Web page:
(FAQ) Frequently Asked Questions

1 I’ve been in an accident. What should I do first?

Go see your doctor or get to the emergency room. Your health is the top priority. Make sure to inform your doctor or nurse of all of your injuries and make sure that what you tell them is noted in your medical records. Good records of your injury, your symptoms and your treatments are vital for your case.

Michael GruenlohPartner

2 How much time do I have to see a lawyer?

In South Carolina, most injury lawsuits must be filed within three years of the accident. Shorter time periods may apply depending upon the circumstances so you really should seek help with your claim immediately once your injury has been stabilized. You will likely be contacted by the insurance company who will attempt to get a statement from you and settle your case for less than it is worth. It is very important that you speak with and attorney before speaking with the insurance company. Call us for assistance and an assessment of your case.

Michael GruenlohPartner

3 Do I really need a lawyer?

It depends. If you have been involved in a serious accident and will incur medical bills then the answer is most likely yes. It is true that you may be able to resolve your case on your own but unless you have substantial experience with insurance companies you will likely recover only a fraction of the money you would with the help of an experienced attorney. Mr. Gruenloh does not charge for an initial consultation so why not be safe? Contact us today to find out what your case is worth.

Patrick ChisumAssociate Attorney

4 The insurance company wants me to give a recorded statement. Should I?

NO! Recorded statements are taken for the sole purpose of utilizing you own words against you at a later date. Even a seemingly innocent comment can be misconstrued and can be used to deny payment on your claim. These statements are recorded to preserve your testimony for use at trial. UNDER NO CIRCUMSTANCE should you ever provide a recorded statement without first seeking the advise of an attorney. In most instances, the recording can be avoided.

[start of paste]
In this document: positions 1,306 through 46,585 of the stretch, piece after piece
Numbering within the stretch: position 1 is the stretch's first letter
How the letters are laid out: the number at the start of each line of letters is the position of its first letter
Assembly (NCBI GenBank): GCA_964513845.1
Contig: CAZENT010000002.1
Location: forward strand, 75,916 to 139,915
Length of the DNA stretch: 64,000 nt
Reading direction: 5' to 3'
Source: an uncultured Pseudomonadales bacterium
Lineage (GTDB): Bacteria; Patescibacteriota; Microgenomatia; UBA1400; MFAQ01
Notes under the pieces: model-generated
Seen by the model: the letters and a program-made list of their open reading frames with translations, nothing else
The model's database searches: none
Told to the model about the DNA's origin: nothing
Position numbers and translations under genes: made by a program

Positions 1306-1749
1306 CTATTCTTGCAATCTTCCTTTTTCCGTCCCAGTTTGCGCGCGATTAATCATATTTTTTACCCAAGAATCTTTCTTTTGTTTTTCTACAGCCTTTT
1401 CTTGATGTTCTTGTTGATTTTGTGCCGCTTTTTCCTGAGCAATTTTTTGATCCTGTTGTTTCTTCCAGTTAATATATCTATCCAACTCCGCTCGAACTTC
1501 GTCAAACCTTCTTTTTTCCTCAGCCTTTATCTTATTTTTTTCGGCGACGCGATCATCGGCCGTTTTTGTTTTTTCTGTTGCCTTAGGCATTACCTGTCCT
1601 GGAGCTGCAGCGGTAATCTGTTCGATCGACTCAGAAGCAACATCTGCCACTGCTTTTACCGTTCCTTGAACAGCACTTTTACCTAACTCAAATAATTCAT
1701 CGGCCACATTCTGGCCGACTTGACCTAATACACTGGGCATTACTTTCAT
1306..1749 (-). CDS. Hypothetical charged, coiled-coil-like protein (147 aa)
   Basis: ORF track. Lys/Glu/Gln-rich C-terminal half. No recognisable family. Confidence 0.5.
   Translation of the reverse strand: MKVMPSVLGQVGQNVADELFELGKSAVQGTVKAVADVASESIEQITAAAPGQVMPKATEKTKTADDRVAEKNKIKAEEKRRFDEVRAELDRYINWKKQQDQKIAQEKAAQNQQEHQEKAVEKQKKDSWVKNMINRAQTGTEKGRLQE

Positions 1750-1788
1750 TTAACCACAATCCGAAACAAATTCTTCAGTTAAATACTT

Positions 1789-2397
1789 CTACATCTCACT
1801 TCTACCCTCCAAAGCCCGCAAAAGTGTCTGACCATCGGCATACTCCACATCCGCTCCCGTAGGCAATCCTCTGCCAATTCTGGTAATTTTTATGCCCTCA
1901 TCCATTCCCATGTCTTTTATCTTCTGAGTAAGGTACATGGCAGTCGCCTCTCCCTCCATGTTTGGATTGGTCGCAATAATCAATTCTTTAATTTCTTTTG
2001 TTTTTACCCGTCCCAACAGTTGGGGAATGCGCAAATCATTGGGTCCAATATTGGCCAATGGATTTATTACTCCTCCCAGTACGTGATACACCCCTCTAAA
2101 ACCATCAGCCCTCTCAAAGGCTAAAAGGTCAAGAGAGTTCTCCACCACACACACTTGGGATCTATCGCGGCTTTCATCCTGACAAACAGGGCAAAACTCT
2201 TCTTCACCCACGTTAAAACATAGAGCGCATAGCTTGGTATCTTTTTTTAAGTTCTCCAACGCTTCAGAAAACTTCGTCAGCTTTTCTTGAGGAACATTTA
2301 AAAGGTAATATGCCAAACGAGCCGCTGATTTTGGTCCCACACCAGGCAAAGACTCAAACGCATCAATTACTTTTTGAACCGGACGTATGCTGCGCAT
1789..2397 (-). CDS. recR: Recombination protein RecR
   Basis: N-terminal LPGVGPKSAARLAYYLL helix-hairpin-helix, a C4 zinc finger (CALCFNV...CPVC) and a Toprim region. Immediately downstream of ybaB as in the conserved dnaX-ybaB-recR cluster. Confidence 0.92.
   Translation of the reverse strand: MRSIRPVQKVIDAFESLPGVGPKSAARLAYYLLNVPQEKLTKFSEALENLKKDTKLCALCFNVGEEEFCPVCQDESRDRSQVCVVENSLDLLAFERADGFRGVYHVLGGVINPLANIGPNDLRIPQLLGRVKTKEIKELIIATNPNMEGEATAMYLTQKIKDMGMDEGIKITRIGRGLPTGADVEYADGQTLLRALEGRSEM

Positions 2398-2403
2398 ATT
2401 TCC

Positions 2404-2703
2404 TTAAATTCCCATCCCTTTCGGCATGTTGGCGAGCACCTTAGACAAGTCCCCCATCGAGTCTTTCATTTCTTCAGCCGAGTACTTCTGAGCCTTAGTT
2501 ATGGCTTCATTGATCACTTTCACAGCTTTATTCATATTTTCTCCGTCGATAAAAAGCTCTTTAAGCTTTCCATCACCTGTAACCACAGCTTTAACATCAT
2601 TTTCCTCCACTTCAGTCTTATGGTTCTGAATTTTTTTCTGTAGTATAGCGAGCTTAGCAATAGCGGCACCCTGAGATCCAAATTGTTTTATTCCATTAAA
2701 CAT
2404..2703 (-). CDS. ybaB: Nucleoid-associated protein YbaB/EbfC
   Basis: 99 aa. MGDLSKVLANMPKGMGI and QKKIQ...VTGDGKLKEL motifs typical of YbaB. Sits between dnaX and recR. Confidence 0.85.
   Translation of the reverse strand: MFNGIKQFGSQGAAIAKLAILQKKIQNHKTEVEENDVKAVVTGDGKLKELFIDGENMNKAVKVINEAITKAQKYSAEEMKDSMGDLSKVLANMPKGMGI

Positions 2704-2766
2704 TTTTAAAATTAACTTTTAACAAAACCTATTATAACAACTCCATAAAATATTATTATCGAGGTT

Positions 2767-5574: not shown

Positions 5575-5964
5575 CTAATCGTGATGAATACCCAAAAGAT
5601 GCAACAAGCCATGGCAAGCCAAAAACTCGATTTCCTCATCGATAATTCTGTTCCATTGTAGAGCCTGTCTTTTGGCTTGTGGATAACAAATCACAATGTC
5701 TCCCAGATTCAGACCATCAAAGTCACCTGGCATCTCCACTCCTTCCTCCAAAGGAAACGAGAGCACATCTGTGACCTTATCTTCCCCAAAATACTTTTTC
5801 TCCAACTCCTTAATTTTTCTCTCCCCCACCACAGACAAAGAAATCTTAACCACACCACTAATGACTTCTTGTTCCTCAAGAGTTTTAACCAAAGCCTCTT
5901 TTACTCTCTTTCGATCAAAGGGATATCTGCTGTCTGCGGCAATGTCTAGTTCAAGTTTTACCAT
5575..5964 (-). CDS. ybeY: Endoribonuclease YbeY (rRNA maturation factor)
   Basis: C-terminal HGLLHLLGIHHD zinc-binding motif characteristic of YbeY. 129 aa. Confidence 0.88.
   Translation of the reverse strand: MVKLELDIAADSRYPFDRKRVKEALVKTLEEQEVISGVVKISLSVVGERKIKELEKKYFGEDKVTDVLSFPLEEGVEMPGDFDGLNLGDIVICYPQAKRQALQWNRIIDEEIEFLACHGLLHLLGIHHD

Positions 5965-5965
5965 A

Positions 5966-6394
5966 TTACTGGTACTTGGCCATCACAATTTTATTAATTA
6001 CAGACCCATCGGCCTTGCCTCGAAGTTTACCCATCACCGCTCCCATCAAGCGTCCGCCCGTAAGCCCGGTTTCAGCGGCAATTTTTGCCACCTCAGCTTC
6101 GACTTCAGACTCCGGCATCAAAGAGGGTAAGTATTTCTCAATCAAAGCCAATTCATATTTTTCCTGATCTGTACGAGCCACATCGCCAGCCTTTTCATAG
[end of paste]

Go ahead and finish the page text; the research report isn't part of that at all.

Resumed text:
Michael GruenlohPartner

5 The insurance company wants me to sign a medical authorization. Should I?

NO! Unlimited medical authorizations enable insurance companies to obtain and investigate your most personal information to include medical records, employment records, educational records, and financial records. They are used to find evidence which in many instances the insurance company will use against you to deny payment or reduce your recovery. UNDER NO CIRCUMSTANCE should you ever provide an unlimited authorization to an insurance company without first seeking the advice of an attorney. When you retain an attorney, the attorney will obtain only the records necessary to support your claim and will provide only those documents to the insurance company in order to protect your privacy.

Patrick ChisumAssociate Attorney

6 How much is my case worth?

The only way to determine that is for us to evaluate your case on an individual basis. Every case is different. The value of your case will turn on a variety of factors which we can assess to determine a range of acceptable settlement values. The severity of your injury, the length of your medical care, the amount of damage to the vehicles involved in the collision, the amount of your medical expenses, the conduct of the defendant, and the jurisdiction in which your case would be filed, all play a critical role in determining the ultimate value of a claim. You cannot determine the value of your case based on a simple formula nor should you evaluate your case based upon stories of settlements obtained by friends or relatives under different circumstances. No two cases are alike and each should be evaluated on its individual merits by an attorney with experience in handling personal injury claims in your area.

Michael GruenlohPartner